It may be early in the gardening season, but the pests are coming.
Conventional wisdom claims that healthy plants attract fewer pests, and that does make sense. Scientists have documented that stressed or injured plants send out signals which seem to attract harmful bugs. Your first line of defense should be healthy soil, rich in organic matter. Moisture — either too much or too little — also creates stress. Provide good fundamentals and you will have established a solid foundation against problem pests. Check your plot frequently, looking for the pests listed below.
Even with ideal growing conditions, some pests will find your plants. Early in the season, look for flea beetles — tiny little hopping bugs that can munch away at your seedlings overnight, leaving nothing but a stalk behind. These tiny critters seem to prefer brassica seedlings and are particularly fond of Chinese cabbage. You can hang a sticky trap to detract them from your plants, but your best defense is a lightweight row cover fabric.
Potato bugs lay clumps of eggs on the underside of the leaves of potato plants. These little golden nuggets hatch out to tiny red crawlers which rapidly grow fat on your potato foliage. Left untended, these larvae can denude your plants. You can treat your plants with Bacillus thuringiensis var. Tenebrionis, an organic powder that kills only the potato bug larvae. My favorite method is hand picking the little devils off of the plants and dropping them into a jar of soapy water or squishing them by hand.
Yet another voracious eater is the cabbage worm or cabbage looper. Developing from eggs laid by the white cabbage worm moth (https://tinyurl.com/ydcvxyll), the velvety light green larva are nonstop eaters. Their coloring blends in perfectly with the leaves of broccoli, cabbage and other brassica plants and they can be hard to see. Defensive moves include applying Bacillus thuringiensis kurstaki (Btk), a variety of natural pesticides that specifically targets cabbage worms/loopers, or use a lightweight row cover to keep the moths away. Hand picking is also an option if you have only a few plants. Flush eggs from the center of the plant with a sharp spray of water.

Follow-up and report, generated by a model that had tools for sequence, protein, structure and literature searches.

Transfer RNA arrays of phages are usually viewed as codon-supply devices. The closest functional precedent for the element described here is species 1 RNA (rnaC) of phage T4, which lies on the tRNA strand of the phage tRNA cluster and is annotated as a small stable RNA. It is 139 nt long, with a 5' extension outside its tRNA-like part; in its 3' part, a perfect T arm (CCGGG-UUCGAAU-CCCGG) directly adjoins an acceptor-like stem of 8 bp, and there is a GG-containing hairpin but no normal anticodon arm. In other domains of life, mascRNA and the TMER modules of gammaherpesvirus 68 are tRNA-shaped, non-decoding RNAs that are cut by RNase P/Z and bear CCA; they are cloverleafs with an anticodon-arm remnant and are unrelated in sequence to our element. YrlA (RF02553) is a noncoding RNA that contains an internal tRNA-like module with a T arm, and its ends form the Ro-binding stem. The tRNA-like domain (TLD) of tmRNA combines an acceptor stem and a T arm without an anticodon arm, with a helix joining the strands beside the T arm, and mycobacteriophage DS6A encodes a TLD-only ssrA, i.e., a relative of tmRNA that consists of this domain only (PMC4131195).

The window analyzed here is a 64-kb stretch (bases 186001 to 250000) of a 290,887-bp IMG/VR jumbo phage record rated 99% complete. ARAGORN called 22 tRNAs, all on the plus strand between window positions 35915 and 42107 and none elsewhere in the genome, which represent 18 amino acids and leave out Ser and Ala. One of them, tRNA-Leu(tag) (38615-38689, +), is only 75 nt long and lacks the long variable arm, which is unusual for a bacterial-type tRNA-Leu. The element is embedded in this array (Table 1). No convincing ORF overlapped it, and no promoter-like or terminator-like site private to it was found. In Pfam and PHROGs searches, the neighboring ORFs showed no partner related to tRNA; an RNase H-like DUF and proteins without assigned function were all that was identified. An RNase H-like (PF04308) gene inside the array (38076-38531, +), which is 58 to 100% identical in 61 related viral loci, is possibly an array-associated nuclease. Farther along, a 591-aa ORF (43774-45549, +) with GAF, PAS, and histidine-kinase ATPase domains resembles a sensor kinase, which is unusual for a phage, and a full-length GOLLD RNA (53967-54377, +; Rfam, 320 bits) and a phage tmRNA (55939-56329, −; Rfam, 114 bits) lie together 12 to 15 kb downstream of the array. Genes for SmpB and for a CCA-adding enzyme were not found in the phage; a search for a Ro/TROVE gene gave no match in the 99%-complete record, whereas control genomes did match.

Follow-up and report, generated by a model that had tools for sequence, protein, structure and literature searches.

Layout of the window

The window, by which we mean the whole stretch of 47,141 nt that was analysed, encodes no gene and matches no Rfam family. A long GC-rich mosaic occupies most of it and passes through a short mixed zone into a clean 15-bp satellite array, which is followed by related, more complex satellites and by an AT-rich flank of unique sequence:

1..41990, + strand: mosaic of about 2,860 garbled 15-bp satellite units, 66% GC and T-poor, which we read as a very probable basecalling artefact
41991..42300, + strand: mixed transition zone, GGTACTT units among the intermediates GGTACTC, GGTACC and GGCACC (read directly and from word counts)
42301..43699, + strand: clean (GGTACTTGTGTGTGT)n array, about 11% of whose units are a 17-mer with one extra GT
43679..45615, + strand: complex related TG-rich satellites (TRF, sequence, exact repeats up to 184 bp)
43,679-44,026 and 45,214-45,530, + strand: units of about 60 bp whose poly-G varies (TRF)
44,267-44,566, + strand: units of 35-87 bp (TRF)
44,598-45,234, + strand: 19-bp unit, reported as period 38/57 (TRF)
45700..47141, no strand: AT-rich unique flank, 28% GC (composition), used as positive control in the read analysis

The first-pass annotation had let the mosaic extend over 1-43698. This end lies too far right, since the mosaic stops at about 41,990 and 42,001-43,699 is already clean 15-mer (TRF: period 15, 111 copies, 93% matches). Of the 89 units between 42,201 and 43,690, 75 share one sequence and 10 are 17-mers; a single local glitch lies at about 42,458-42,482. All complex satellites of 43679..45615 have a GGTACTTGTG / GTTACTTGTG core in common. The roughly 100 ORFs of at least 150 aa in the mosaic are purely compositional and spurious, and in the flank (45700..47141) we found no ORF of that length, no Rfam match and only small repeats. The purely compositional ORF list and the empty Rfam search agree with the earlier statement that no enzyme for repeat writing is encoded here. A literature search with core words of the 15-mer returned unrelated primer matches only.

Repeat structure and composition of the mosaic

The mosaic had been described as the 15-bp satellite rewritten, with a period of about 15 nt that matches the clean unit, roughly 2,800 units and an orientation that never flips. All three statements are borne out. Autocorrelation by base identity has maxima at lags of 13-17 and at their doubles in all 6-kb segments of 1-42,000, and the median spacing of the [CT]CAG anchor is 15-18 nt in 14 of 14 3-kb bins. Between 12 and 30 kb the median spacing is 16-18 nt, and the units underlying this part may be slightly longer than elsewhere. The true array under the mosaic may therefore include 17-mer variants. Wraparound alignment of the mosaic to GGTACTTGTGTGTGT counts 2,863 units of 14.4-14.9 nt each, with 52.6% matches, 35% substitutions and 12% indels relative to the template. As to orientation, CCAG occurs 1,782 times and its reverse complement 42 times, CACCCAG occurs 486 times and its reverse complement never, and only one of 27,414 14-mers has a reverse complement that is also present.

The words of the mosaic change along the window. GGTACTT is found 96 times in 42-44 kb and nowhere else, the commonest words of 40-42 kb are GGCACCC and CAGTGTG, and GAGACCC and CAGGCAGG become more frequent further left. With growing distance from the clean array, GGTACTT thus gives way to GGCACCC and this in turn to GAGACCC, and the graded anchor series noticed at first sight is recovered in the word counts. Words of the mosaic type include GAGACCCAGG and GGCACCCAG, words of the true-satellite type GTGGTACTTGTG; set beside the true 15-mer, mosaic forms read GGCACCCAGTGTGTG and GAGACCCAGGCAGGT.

The striped or spotted cucumber beetle can do a lot of damage to tender cuke seedlings. Row covers can be effective and a concoction made of kaolin clay sprayed on the leaves may damage the beetles enough to kill them off. They are difficult to control and spread disease, causing a previously healthy specimen to wilt and die. See https://tinyurl.com/y9nun5ct.
Also in the realm of hard-to-control pests are squash bugs and squash vine borers. Squash bugs lay their metallic-looking eggs on the underside of the leaves and their voracious silvery nymphs hatch quickly and eat heartily. While the best solution for them might be removing the eggs before they hatch, that can be a real problem given how many leaves a healthy squash plant produces. The only solution that I have found to be effective against these squash eaters is a dusting of Sevin at the base of the plant and on the leaves. For the safety of bees and other pollinators, apply at night when they aren’t crawling around.
The squash vine borer does its damage inside the plant. See ttps://tinyurl.com/ycnsht4z.
In the zucchini bed, I grow a type called Perfect Pick, available from Jung Seeds. Grown under the protection of an insect barrier fabric, the plants self-pollinate and thus the plant can be left covered until it is large enough to defend itself.
Beverly Carney can be reached at firstname.lastname@example.org.